Tuesday, February 22, 2011

Review: The Shifters of 2040

The Shifters of 2040
By: Ami Rebecca Blackwelder
ISBN: 978-1453785133
Series: Shifter Evolutions
  1. The Invasion of 2020
  2. The SCM of 2030
  3. The Shifters of 2040
  4. The Hybrids of 2050
  5. The Hunted of 2060
  6. The Revolution of 2060
Summary via the e-book:
Set in Alaska in 2040, Melissa Marn and Bruce Wilder must work under the iron fist of the SCM, while still trying to maintain humanity. Discovering a world of shifters and hybrids, the scientists must struggle with human prejudice and betrayal. With the original ancestors, dubbed shifters, still living on earth, humans are in the midst of a fifteen year old war. As the eldest hybrids, Unseen and Diamond, learn about humans the hard way, with the loss of loved ones and sacrifices, love on planet earth proves challenging. With underlining themes of how prejudice breaks human connections and animal/wildlife conservation, this novel which has received rave reviews will leave the reader flipping through the pages.

Shifters of 2040 raises many questions that often are over looked. What does it means to be human? What rights are to be afforded to every living thing, regardless of their species classification? Are we willing to fight for our freedoms or will we bend to the will of another for our "safety"?

Shifters of 2040 is a wake up call in the guise of a piece of science fiction. This type of book I would say is most similar to George Orwell's Animal Farm which raised many similar questions in a different time. Ami Blackwelder manages to show this universe from various points of view through her variety of characters. Her main character is military scientist, Melissa Marn, whom has her world shaken by an encounter with a shifter (Brenden) and her interactions with her colleague, Bruce Wilder. This motley group of characters alone are but a mere piece of the complexity of this story.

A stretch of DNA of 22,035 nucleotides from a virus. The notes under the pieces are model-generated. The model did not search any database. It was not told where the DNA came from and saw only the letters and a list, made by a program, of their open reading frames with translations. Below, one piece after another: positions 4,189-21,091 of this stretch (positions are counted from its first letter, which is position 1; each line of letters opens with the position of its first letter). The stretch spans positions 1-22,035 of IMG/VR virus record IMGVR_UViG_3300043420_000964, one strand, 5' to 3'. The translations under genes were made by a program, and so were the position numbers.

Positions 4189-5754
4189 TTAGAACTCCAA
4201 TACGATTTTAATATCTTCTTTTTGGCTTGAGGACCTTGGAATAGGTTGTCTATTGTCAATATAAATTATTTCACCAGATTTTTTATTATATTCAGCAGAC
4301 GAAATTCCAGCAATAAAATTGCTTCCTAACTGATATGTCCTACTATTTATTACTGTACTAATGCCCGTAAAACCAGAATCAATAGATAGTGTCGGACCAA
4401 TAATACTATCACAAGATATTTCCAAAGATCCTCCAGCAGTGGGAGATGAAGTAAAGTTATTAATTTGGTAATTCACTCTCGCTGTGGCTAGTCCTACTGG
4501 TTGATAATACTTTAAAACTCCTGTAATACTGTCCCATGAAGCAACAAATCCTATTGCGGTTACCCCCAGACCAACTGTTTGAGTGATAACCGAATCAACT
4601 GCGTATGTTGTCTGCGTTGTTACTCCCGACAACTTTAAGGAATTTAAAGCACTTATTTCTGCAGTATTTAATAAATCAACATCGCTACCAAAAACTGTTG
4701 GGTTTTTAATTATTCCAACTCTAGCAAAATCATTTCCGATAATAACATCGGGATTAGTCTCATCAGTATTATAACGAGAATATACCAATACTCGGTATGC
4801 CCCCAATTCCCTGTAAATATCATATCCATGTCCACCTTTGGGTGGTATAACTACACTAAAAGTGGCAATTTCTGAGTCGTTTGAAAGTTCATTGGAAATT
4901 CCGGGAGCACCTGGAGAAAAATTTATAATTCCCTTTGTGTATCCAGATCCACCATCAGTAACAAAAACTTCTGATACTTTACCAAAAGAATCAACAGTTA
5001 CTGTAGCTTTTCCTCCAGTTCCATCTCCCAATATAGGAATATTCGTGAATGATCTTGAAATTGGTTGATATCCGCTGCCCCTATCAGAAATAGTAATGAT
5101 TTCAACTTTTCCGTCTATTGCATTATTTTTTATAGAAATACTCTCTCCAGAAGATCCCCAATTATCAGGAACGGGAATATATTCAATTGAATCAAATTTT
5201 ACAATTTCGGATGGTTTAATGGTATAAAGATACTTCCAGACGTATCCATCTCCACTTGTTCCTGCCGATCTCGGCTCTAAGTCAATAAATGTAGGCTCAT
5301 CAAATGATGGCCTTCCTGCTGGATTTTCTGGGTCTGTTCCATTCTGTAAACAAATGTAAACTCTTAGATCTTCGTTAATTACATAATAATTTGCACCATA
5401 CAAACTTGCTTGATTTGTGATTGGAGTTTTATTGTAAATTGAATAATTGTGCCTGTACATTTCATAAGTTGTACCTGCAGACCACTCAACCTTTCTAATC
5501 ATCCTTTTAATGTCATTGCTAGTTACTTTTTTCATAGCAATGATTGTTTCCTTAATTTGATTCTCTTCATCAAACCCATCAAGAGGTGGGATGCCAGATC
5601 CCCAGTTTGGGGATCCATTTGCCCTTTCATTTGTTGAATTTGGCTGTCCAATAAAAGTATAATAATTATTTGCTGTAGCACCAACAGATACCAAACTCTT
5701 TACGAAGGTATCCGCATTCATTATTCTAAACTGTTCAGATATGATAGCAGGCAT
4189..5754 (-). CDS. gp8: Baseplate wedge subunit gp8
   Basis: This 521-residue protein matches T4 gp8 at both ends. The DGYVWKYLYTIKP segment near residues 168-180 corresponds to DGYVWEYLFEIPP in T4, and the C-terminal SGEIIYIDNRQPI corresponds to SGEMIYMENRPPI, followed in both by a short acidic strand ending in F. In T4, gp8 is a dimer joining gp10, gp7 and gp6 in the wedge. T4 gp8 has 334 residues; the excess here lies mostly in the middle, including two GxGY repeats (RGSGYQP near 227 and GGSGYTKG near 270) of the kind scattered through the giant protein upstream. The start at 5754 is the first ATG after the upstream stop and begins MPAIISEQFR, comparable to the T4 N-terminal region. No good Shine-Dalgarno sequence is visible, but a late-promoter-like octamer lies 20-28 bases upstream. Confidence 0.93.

All the conflicts faced within this book are shown through all the different sides of the characters: the scientist, the experiment, the soldier, the general, the hunter, the hunted, the lovers, etc. That Ami Blackwelder was able to show these characters and conflicts in such a way that it makes it real for any reader is a great feat. I for one, during reading much of this book my heart was in my throat every time the characters on both sides of the conflict were threatened with the exception of a certain general (who I would happily have seen killed).

This book is a solid three because the beginning of the book felt a little disconnected from the rest of the book due to the many, many descriptions that could have been left in the glossary. I would definitely recommend this book to anyone who wants to see the best and the worst in people as well as enjoy a little romance.

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